Citizen’s Academy Focuses on Volunteer Service to Community

GPD Explorers *Courtesy GPD Facebook page

In addition to the sworn officers and staff of the Glendora Police Department, there are many more who volunteer their time. Last week the Glendora Police Department Citizen’s Academy focused on those individuals who put in many hours each year, simply to serve the community.

Chaplain Karen Davis presenting the American Flag to the parents of Wade Bennett, who was killed serving our Country in Afghanistan.

Chaplain Karen Davis presenting the American Flag to the parents of Wade Bennett, who was killed serving our Country in Afghanistan.

Current Mayor and Department Chaplain Karen Davis, is perhaps one of the busiest people in our city. She not only runs her own ministry and sits on the city council, but Davis is also on call 365 days a year for anyone in need.

Davis has served as Chaplain for 14 years, starting in 2002 and is called upon during traumatic situations for residents and officers, presides at weddings or funerals, invocations at graduations and overall lends herself to be a calming voice to all. She offers support and short term counseling regardless of religious beliefs to any members of the community.

“When I put on that badge, I’m expected to be all things to all people”, Davis said.

The Auxiliary Program that includes 23 volunteers was also discussed. In 2014 alone, these Auxiliary Officers put in over 5,100 hours of service to the community. Most of them are either retired or still work other careers, proving how much they care about the community and enjoy helping.

The Auxiliary Program was started after the floods of 1969, when the city desired a need for trained help that could be called upon during, after or possibly in the face of imminent danger to the community and its residents. From there the program grew to offer help in all areas where manpower and an extra set of eyes or hands may be needed to facilitate city events and offer additional safety.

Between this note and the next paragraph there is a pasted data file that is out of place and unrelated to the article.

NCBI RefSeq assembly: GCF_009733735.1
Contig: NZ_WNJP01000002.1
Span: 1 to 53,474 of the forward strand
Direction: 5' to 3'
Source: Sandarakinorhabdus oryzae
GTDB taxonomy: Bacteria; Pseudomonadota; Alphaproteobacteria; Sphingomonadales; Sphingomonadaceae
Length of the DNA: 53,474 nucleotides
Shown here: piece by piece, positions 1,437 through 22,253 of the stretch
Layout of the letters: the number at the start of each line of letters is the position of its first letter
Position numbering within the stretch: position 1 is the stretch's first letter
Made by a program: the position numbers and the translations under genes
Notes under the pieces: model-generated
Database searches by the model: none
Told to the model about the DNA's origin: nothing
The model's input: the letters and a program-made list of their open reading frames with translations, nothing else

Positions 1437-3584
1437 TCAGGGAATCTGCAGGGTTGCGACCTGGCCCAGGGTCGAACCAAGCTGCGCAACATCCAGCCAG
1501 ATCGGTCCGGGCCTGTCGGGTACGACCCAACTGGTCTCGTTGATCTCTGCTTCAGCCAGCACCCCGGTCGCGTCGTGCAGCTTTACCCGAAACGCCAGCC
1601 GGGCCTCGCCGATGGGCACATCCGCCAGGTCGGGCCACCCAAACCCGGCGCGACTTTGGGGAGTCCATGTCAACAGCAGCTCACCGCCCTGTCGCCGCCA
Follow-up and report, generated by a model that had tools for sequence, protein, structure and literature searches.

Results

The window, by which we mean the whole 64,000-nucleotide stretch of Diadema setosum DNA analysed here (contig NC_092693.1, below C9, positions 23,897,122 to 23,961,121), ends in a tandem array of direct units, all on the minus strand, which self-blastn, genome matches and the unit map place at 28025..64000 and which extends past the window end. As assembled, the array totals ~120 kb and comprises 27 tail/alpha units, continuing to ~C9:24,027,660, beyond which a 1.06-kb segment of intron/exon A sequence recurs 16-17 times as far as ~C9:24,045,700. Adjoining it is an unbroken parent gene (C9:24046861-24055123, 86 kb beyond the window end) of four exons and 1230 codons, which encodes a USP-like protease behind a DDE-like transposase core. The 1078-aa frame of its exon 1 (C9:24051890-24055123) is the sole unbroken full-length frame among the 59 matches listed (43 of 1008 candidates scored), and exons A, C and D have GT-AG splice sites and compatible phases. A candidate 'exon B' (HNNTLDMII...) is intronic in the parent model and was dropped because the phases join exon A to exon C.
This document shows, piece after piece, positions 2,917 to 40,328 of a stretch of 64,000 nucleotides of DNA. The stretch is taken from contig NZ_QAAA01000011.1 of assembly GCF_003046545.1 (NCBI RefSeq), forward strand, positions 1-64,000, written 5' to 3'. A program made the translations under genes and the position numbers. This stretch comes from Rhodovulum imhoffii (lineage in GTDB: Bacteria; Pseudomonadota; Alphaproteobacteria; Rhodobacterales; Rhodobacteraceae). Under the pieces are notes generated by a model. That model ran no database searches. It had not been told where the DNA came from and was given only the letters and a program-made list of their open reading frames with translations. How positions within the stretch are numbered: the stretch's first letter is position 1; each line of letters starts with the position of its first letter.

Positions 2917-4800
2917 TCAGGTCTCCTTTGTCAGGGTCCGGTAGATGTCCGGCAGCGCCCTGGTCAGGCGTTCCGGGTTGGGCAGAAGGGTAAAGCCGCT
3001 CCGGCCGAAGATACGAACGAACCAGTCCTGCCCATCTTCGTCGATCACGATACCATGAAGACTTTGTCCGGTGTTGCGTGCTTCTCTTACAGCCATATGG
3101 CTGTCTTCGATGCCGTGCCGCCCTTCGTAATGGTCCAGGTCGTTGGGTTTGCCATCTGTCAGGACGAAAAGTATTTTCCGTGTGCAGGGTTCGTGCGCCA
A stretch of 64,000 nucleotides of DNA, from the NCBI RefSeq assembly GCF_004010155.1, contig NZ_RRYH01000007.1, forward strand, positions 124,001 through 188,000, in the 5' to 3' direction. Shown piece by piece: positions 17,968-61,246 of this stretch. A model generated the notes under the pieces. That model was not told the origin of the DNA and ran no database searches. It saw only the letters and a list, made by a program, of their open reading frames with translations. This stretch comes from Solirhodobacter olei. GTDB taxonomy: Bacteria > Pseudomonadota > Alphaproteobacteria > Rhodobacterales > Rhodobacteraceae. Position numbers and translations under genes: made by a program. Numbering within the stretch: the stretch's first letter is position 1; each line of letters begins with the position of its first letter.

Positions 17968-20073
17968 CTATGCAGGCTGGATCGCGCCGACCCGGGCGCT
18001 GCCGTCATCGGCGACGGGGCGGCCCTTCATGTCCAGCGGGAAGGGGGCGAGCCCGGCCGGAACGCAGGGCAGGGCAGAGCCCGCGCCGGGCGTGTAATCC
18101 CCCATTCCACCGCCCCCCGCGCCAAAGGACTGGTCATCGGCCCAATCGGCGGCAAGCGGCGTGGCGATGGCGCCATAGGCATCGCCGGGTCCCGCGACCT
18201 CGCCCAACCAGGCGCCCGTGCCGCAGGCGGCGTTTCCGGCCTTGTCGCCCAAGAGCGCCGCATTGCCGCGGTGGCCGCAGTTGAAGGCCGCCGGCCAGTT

Auxiliary Officer Eddie Saiza at a preschool bike safety day showing a student the police car

Auxiliary Officer Eddie Saiza at a preschool bike safety day showing a student the police vehicle

Eddie Saiza, is one of the Auxiliary officers who dedicates himself to the city. He has been a member of the auxiliary for 6 years working parades, community events, school outreach programs and disaster preparedness. For Saiza, the most beneficial time he has is interacting with the kids at schools to be a good role model.

“Someone had to do this for me when I was growing up, so now I’m paying it back and forward”, Saiza noted.

Last but not least was the history and information on the Explorer and Cadet Programs. Many of our fine Glendora Officers got their start as an Explorer or or Cadet before the age of 21. Explorers are volunteers between the ages of 14-21 that get to work alongside officers and gain invaluable experience in the real world of law enforcement.

Cadets, typically the final stepping stone to becoming an officer, are paid and between the ages of 18-21. Cadets perform many independent duties and are given responsibilities within the department, some of which mimic low risk officer duties like issuing parking tickets and taking police reports.

These programs allow youth to not only get a foot in the door, but to also put themselves ahead of future Police Officer applicants by being familiar with police protocol, procedures and training.

If you are interested in the Auxiliary, Explorer or Cadet Programs, please apply in person at the Glendora Police Department Lobby. Cadet positions are not always available.

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